The Ganges River, one of the largest rivers on Earth, is a typical monsoonal and flood-controlled system but has low inter-annual peak discharge variability. The seasonal discharge can reach 70 000 m3 s−1 during the wet season but maintains a low base flow of 500–3000 m3 s−1 during the dry season. However, the constancy in peak discharge every year categorizes the lower Ganges River as a river with low inter-annual peak discharge variability. This paper examines the modern lower Ganges River by conducting a detailed process-oriented investigation of the main channel, channel margin and overbank deposits, supplemented by satellite image observation and comparison with other modern fluvial systems. The channel and braid bar deposits show a dominance of small-scale to medium-scale cross-sets, with a variety of accretion processes constructing braid bars. The braid bar and channel deposits are typical of facies models of rivers with low inter-annual peak discharge variance. In contrast, the channel flank deposits are dominated by planar lamination, massive sand and mud couplets, and some ripple cross-lamination, with very little cross-bedding. Characteristic channel margin deposits represent sediments that accumulated by high-speed flows, multiple-surge and rapidly depositing flows, rapid or regular waning flows and hyperconcentrated flows. The overbank deposits predominantly comprise current ripples with long, thin bedforms and soft sediment deformation structures, which record flow transformation on the muddy flat topography and the processes of an unstable river bank. Our study shows that the channel margin and floodplain deposits are entirely different from those of the braid bar and channel. The bedform distribution of the fluvial deposits here (main channel, channel margin and overbank) may be an important tool in the identification of similar seasonal rivers with low inter-annual peak discharge variance and in the interpretation of fluvial processes.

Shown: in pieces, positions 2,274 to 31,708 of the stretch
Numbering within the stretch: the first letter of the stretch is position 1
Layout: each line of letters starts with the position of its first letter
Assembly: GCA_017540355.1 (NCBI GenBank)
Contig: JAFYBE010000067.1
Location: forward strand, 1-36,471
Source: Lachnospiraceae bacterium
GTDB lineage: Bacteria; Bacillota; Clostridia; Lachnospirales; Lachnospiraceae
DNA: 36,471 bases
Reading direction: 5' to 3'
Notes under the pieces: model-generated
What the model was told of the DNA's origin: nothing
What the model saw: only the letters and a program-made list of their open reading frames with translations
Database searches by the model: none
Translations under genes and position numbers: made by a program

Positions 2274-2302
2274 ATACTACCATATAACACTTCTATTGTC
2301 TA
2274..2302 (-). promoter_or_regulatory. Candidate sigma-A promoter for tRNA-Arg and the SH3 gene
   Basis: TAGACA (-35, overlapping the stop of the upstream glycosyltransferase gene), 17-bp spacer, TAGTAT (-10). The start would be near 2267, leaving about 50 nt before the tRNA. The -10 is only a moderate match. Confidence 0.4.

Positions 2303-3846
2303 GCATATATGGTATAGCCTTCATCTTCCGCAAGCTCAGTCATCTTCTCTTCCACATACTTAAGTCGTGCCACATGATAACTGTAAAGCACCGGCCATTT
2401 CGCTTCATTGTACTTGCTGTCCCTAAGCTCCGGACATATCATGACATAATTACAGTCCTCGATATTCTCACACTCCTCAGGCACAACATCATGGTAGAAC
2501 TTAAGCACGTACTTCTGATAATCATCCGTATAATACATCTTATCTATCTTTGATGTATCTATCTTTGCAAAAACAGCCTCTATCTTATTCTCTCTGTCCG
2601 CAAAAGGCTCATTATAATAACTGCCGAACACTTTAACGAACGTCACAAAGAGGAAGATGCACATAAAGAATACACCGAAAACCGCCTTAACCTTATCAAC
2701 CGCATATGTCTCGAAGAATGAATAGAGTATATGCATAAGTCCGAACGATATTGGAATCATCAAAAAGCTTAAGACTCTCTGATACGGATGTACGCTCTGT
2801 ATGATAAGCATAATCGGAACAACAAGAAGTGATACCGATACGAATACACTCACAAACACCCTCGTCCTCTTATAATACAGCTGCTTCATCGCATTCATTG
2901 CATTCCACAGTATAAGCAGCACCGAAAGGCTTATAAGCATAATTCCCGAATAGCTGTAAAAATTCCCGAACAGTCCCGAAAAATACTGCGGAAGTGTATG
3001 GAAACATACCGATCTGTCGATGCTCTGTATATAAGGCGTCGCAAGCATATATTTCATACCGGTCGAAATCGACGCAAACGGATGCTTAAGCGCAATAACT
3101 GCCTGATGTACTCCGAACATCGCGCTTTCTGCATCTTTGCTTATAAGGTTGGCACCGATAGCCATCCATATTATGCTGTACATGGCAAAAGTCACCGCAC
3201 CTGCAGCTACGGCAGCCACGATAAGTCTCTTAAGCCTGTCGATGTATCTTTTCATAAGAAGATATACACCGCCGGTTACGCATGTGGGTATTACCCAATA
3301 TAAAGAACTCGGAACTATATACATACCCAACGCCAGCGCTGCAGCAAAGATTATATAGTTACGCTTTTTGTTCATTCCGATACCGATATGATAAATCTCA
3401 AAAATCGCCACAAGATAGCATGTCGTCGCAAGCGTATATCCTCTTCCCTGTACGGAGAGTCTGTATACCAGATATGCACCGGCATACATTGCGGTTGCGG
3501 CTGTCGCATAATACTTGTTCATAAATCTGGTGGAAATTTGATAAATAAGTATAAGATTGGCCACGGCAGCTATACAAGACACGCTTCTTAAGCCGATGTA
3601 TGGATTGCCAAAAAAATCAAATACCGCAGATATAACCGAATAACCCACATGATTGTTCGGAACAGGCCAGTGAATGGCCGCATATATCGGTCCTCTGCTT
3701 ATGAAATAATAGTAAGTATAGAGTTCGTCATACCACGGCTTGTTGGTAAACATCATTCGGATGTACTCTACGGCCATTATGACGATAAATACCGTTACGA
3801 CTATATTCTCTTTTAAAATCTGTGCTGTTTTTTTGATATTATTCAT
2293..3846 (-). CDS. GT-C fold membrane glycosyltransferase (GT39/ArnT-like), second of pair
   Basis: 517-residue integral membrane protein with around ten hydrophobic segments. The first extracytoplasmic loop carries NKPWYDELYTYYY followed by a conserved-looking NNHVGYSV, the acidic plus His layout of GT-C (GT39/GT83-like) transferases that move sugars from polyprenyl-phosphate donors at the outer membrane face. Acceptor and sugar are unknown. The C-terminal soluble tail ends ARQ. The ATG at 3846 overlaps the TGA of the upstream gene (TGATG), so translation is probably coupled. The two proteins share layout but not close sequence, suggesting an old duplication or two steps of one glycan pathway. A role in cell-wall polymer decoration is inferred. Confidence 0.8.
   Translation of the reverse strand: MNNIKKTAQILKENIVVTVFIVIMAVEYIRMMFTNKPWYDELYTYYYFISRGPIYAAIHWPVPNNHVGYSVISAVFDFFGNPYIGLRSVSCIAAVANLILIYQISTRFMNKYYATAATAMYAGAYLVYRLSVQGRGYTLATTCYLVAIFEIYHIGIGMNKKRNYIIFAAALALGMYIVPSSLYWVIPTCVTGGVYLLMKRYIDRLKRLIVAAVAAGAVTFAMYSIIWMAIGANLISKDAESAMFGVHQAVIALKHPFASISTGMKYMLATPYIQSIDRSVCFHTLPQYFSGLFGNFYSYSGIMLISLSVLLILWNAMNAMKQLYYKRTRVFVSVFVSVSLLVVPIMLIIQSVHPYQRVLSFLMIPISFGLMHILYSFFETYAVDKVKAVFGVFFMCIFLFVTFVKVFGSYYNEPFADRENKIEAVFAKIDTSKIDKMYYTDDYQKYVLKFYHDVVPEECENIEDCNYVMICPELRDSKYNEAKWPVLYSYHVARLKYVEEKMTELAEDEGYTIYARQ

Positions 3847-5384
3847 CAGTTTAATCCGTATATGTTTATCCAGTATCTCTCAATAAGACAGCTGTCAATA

Supplementary material: The sediment texture and the depositional age is available at: https://doi.org/10.6084/m9.figshare.c.5144403